Great write up Tyll. Enjoyed the read. Having owned the D7000s twice and hearing the D5000s and D2000s on several occasions I agree with your comments.

Based on the variability of the graphs, they do appear to be statistically significant. There is significant variability in the FR regions where the precision of the measurement system are very tight (under 4kHz) and still pretty good (under 8kHz ish). Now a quick question, is this a design change, or are we seeing some variability over batches that account for a long period of time?

Had the D7000s isolated better, I would likely still have them in my collection; I liked them that much.

Thanks for this!

Jazz Casual's picture

The D7000 is often described as having a recessed midrange and that's how I heard it. However, the frequency response measurement suggests otherwise.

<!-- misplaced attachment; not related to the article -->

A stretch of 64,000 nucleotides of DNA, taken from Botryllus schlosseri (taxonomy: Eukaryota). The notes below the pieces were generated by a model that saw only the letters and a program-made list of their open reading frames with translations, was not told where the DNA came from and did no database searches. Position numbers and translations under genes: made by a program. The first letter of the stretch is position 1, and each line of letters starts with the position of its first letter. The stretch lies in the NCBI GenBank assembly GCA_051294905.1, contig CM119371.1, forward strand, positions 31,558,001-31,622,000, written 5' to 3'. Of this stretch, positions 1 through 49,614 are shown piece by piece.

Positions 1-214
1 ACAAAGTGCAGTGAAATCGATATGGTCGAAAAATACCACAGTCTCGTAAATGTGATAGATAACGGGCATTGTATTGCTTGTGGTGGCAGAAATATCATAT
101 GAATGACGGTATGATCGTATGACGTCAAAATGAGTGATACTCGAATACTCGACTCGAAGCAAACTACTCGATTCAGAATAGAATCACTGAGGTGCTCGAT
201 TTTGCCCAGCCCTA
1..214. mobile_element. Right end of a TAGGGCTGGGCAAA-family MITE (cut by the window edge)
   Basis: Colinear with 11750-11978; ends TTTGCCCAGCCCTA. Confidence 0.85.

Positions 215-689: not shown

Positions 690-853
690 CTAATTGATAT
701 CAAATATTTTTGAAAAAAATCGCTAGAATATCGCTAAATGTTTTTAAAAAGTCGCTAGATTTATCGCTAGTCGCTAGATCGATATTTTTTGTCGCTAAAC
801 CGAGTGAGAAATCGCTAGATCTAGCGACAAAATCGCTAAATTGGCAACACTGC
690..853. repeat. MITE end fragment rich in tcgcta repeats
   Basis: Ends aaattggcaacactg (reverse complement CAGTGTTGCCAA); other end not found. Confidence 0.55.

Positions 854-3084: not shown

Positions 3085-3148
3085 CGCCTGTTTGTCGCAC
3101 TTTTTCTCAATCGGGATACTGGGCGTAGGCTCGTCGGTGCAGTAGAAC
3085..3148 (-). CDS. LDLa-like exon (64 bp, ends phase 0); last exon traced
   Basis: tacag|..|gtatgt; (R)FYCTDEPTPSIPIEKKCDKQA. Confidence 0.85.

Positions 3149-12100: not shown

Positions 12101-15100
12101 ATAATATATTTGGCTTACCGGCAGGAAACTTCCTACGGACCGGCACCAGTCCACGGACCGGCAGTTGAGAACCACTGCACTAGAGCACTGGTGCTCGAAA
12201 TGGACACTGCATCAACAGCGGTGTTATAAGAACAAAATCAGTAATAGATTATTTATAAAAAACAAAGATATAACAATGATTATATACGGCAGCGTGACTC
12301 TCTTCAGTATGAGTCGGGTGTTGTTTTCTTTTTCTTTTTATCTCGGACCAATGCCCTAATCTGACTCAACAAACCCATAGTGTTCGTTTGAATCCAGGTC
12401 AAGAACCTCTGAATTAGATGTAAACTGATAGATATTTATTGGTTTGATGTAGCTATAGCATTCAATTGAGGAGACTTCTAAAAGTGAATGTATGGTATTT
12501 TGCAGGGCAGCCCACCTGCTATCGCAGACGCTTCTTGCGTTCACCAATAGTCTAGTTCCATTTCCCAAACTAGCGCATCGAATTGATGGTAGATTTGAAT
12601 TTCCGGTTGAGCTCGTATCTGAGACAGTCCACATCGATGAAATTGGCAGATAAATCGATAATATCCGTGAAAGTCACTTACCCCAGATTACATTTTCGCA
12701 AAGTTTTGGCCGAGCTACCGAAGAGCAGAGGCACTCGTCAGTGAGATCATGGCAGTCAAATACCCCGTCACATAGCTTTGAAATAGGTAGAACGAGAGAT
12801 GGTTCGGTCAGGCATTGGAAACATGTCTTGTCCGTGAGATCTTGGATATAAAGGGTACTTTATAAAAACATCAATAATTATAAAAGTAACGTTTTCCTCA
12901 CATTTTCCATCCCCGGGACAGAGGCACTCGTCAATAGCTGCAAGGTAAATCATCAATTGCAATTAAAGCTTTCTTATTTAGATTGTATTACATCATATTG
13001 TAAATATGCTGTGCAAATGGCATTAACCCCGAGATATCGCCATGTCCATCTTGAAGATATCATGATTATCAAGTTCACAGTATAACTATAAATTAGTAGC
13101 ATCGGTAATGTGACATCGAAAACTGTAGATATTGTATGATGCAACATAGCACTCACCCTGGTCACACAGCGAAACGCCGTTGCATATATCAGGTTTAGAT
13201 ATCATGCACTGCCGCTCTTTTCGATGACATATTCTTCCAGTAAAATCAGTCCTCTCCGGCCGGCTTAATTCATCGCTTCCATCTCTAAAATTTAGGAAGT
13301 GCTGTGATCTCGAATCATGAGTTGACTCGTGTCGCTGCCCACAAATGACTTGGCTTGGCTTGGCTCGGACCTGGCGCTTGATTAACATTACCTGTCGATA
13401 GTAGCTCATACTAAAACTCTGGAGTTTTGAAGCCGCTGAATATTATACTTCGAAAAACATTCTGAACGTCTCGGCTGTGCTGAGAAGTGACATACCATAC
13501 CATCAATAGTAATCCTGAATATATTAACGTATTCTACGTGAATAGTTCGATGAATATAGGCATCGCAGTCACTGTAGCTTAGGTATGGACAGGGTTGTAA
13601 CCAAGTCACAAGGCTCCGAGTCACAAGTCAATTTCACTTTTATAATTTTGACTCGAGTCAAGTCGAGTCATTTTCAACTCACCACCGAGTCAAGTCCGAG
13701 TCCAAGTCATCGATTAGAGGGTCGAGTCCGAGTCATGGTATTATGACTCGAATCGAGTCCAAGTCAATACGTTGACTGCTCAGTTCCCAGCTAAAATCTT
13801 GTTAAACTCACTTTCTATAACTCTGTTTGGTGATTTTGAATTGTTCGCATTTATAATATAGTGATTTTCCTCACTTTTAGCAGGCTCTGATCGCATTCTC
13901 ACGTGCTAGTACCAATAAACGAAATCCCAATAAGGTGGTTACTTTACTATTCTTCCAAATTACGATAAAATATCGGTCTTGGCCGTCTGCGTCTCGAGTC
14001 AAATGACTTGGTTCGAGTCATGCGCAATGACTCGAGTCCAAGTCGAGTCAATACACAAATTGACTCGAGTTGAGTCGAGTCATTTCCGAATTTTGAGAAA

By the way Tyll, will you be adding your measurements of the PS1000 and GS1000i to the Headphone Data Sheet Downloads page?

Armaegis's picture

Just a minor typo, on page 1 & 2 you've listed "Mark Lawton" as "Marl Lawton".

Tyll Hertsens's picture
Fxt, thanks!
Swbf2cheater's picture

Hi Tyll, thanks for the reviews, I love reading and listening to all of your impressions. I wanted to know your thoughts on which set I should be aiming for: the AKG-K550, Philips Fidelio L1 and the D5000. I absolutely loved the Fidelio L1 but found its presentation too small to satisfy my desires, I've not heard the D5K or the K550 yet. Do you feel the new AKG K550 has a superior sound staging experience over the L1? Out of the three, which one do you favor and why? Thanks! -mike

Tyll Hertsens's picture
Imaging is not a strong suit on any of them, IMO. None of them are open. I'm going to review the L1 soon, and I'll try to give them a listen relative to the K550 and D2000 to answer your question.
bigb121074's picture

Just got the D2000's a couple of weeks ago. I enjoy them quite a bit on my portable rig, while in bed. I bought them to replace my M50's and they do not disappoint. It was a toss up between these and the K550's and although the k550's, I read, did seal better and had a more robust build, the impressions on the D2000's sound won me over. Well, that and getting them on sale for $215.

13mh13's picture